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And So Died Riabouchinska 

Detective Krovitch investigates a murder at a run-down vaudeville theater and gets a hot lead from the ventriloquist's dummy.


Robert Stevenson


Mel Dinelli (teleplay), Ray Bradbury (story)




Episode complete credited cast:
Alfred Hitchcock ... Self - Host
Claude Rains ... John Fabian
Charles Bronson ... Det. Krovitch
Claire Carleton ... Alice Fabian
Lowell Gilmore ... Mel Douglas
Charles Cantor ... Zander
Harry Tyler ... Dan Silver
Iris Adrian ... Macey
William Haade ... Stagehand (as Bill Haade)
Virginia Gregg ... Riabouchinska (voice)


A dead man is found in the basement of a theater, and a detective comes to investigate. He learn that the deceased had been seen near the theater asking for Fabian, the ventriloquist. As the detective questions Fabian in his dressing room, a voice comes from the box in which Fabian's female dummy is stored. When the dummy, Riabouchinska, continues to talk, the detective is annoyed, thinking that the ventriloquist is trying to be funny. But the detective humors him and 'talks' to the dummy, and he soon learns about a web of tensions involving Fabian, his wife, and his manager. Much of the tension concerns the dummy - and there is also a connection with the dead man. Written by Snow Leopard

Plot Summary | Add Synopsis


Did You Know?


Mel Dinelli originally adapted Ray Bradbury's short story for the radio series Suspense. When he wrote the teleplay for Alfred Hitchcock Presents, he based it off his radio play, rather than the original short story. See more »


[first lines]
Alfred Hitchcock - Host: Good evening. This misty bit of ectoplasm forming on the inside of your television screen is one Alfred Hitchcock, coming to you from across that great barrier that divides the quick from the dead: the Atlantic Ocean. I have materialized for the express purpose of warning you that, during tonight's seance, you will witness a playlet entitled "And So Died Riabouchinska." Oh, yes. Before we have our play, I would like to make an announcement to those of you who can't stay until the ...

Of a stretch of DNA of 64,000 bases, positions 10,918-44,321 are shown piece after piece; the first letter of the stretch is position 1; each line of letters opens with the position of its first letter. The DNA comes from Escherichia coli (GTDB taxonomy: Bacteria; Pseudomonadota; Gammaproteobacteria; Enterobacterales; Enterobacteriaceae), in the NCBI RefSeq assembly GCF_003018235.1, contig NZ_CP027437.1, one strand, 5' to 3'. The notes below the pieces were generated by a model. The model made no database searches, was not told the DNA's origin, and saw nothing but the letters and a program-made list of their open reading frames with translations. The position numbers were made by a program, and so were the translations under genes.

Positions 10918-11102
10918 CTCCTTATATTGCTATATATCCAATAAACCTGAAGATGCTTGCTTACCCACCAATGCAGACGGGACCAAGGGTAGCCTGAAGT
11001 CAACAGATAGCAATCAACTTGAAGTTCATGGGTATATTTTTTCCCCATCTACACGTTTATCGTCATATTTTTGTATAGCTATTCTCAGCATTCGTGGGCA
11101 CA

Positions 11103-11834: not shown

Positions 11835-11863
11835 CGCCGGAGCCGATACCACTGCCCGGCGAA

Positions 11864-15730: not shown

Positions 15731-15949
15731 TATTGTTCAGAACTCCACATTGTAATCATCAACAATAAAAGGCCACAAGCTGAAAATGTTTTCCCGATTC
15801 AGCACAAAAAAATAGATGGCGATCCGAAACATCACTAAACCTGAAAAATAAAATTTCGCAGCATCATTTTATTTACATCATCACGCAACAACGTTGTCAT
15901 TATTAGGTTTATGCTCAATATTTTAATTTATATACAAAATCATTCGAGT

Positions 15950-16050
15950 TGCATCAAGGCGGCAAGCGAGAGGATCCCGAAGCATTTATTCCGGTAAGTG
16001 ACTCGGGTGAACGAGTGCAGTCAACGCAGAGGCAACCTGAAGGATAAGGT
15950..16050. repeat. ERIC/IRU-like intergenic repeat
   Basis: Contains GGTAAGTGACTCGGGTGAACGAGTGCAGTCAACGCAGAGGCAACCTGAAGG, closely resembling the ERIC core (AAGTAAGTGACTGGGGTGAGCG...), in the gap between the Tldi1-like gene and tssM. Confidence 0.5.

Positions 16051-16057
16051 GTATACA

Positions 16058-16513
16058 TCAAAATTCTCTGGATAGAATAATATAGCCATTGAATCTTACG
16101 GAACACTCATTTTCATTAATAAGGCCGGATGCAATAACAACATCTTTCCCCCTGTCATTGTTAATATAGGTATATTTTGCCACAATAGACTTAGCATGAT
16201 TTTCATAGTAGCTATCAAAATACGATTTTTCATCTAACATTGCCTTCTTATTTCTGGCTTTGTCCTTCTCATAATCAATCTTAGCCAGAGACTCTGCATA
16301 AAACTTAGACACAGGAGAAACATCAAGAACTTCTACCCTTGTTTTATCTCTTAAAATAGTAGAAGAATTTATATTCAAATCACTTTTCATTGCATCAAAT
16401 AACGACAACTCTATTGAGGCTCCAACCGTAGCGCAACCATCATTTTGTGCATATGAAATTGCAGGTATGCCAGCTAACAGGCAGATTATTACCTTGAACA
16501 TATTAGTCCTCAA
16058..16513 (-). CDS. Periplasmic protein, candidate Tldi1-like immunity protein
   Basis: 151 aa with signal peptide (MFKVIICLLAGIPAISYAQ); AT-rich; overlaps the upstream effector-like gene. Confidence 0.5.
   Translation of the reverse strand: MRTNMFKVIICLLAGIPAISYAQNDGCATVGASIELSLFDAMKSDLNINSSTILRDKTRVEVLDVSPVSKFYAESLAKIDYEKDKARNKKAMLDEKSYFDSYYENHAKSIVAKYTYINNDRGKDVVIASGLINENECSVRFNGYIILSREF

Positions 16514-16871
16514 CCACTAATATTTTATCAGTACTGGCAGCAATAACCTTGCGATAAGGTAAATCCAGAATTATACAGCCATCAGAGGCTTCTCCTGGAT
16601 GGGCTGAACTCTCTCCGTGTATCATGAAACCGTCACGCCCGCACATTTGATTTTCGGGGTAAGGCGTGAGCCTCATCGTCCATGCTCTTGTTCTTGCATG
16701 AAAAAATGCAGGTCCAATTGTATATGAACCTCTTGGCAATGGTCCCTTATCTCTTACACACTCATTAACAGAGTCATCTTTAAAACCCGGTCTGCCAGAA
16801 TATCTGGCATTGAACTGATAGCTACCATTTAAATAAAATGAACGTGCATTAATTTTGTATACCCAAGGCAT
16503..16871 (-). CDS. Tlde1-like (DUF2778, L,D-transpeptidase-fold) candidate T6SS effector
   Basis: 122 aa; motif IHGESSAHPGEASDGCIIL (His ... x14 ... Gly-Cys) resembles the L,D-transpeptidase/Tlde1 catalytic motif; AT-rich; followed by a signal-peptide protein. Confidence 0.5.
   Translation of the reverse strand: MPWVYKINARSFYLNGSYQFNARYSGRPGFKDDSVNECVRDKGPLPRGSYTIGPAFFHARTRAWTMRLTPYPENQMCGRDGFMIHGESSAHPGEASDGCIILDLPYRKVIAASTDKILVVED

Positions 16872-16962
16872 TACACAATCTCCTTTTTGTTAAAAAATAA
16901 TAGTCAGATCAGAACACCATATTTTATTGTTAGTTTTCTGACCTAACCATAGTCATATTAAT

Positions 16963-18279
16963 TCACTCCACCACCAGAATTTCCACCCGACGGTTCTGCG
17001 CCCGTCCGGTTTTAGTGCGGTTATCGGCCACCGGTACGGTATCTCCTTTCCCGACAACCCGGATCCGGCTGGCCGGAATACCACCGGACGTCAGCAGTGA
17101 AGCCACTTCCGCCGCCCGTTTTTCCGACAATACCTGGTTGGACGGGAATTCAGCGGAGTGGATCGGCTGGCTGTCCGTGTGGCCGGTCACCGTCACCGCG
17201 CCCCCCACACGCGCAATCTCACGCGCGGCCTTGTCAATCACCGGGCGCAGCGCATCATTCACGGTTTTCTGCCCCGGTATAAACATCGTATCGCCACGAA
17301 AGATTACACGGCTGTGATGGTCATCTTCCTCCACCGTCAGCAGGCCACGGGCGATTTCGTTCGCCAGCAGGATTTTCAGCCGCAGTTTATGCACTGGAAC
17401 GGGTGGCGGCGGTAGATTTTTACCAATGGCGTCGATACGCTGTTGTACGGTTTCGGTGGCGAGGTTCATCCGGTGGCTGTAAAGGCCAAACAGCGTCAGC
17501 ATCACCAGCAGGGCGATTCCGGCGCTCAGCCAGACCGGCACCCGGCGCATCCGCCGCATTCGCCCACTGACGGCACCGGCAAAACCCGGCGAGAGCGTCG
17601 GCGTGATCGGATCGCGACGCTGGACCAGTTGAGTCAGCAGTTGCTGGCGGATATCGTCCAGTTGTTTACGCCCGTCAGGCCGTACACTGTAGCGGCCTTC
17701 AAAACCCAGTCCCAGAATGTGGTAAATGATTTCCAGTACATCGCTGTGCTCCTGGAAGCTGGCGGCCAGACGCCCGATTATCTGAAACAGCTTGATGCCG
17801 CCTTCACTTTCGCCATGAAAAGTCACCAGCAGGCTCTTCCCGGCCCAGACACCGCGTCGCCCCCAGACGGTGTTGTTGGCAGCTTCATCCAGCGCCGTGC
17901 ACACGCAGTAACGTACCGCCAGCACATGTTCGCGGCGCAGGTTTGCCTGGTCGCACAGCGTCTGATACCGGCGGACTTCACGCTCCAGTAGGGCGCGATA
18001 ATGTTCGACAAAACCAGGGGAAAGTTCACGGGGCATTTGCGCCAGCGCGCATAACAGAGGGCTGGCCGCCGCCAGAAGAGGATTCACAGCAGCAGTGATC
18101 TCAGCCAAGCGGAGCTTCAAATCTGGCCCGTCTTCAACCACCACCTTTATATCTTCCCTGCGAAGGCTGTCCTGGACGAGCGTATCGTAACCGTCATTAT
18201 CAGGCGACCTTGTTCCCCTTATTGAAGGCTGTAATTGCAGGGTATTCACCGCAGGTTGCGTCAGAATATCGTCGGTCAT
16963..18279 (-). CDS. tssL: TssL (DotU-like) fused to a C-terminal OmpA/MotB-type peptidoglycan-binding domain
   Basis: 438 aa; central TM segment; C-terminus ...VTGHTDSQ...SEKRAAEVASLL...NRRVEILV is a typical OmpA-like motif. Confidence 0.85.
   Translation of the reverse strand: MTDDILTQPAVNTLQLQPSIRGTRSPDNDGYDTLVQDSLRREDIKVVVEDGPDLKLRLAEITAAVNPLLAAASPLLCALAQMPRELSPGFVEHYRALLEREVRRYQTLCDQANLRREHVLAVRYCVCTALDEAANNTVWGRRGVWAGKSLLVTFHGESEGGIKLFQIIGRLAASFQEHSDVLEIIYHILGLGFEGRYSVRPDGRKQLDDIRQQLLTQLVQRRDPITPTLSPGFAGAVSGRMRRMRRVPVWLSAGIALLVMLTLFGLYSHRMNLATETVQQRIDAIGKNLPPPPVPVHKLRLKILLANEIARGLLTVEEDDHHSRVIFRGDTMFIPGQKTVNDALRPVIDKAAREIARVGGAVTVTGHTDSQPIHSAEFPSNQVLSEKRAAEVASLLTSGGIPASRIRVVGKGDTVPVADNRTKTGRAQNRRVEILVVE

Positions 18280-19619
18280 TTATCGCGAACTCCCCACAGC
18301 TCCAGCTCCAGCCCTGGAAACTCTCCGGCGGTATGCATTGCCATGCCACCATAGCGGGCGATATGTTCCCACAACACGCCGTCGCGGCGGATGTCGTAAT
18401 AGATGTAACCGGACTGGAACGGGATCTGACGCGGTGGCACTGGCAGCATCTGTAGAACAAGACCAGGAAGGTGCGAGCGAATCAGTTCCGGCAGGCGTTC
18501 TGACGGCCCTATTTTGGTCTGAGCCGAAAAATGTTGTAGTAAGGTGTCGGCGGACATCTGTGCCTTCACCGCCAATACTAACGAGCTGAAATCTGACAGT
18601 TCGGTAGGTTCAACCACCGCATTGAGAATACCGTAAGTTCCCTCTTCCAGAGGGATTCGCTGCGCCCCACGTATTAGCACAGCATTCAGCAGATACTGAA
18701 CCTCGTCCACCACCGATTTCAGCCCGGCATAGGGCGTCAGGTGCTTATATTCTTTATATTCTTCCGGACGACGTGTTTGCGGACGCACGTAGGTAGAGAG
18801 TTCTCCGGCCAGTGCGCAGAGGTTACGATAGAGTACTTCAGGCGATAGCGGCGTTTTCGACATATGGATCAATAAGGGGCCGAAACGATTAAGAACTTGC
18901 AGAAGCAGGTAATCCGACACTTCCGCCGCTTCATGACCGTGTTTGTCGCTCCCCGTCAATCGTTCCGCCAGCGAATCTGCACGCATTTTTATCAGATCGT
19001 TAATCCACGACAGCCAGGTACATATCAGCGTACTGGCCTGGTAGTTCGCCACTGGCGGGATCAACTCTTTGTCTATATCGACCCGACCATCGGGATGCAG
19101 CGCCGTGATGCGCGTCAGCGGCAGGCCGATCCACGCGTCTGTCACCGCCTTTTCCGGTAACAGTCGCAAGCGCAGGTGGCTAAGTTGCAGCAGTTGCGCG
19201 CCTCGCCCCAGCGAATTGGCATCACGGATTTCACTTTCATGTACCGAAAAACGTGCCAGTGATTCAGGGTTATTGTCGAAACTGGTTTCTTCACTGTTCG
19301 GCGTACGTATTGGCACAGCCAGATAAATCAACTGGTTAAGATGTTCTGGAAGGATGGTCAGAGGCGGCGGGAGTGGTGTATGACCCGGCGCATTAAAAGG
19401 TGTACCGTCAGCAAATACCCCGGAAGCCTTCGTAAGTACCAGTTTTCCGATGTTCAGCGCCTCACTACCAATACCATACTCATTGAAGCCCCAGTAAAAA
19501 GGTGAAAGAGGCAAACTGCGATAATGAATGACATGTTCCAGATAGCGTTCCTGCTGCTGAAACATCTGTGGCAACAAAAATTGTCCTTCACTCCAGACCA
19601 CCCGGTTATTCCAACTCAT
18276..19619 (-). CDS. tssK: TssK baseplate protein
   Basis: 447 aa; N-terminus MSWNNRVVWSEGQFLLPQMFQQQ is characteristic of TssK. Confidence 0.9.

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Funeral March of a Marionette
Written by Charles Gounod
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User Reviews

Fine Cast, Memorable Episode
8 February 2016 | by dougdoepkeSee all my reviews

A detective is called to a backstage theatre after a body is discovered in the cellar. His investigation takes him into the weird world of an aging ventriloquist and his female dummy.

Another memorable episode from that marvelous first year. And what a casting coup thanks to the producers and probably the Hitchcock name—it's a subtly persuasive Claude Rains, a distinctive looking Charles Bronson, and a strangely sultry ventriloquist's dummy. Then too, I knew I was in trouble when I went looking for the dummy's name in the credit-roll. Seems ventriloquist Fabian (Rains) is having the same problem since his truth-telling super-ego is splitting off and entering the lovely dummy. Sometimes it's even hard to know who's doing the talking.

Okay, you've likely seen this "live" dummy premise before. But it's very well done here, thanks mainly to Rains who refuses to go over the top. Also, Bronson, as a cop, gets lots of close- ups, the camera seemingly fascinated with his unusual features. That's likely no accident since an ordinary looking cop would not fit the exotic theme nearly as well. Anyway, it's a subtly weird slice of abnormal psychology, along with a fine screenplay from noir veteran Mel Dinelli.

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Release Date:

12 February 1956 (USA) See more »

Company Credits

Production Co:

Shamley Productions See more »
Show more on IMDbPro »

Technical Specs

Sound Mix:

Mono (RCA Sound Recording)

Aspect Ratio:

1.33 : 1
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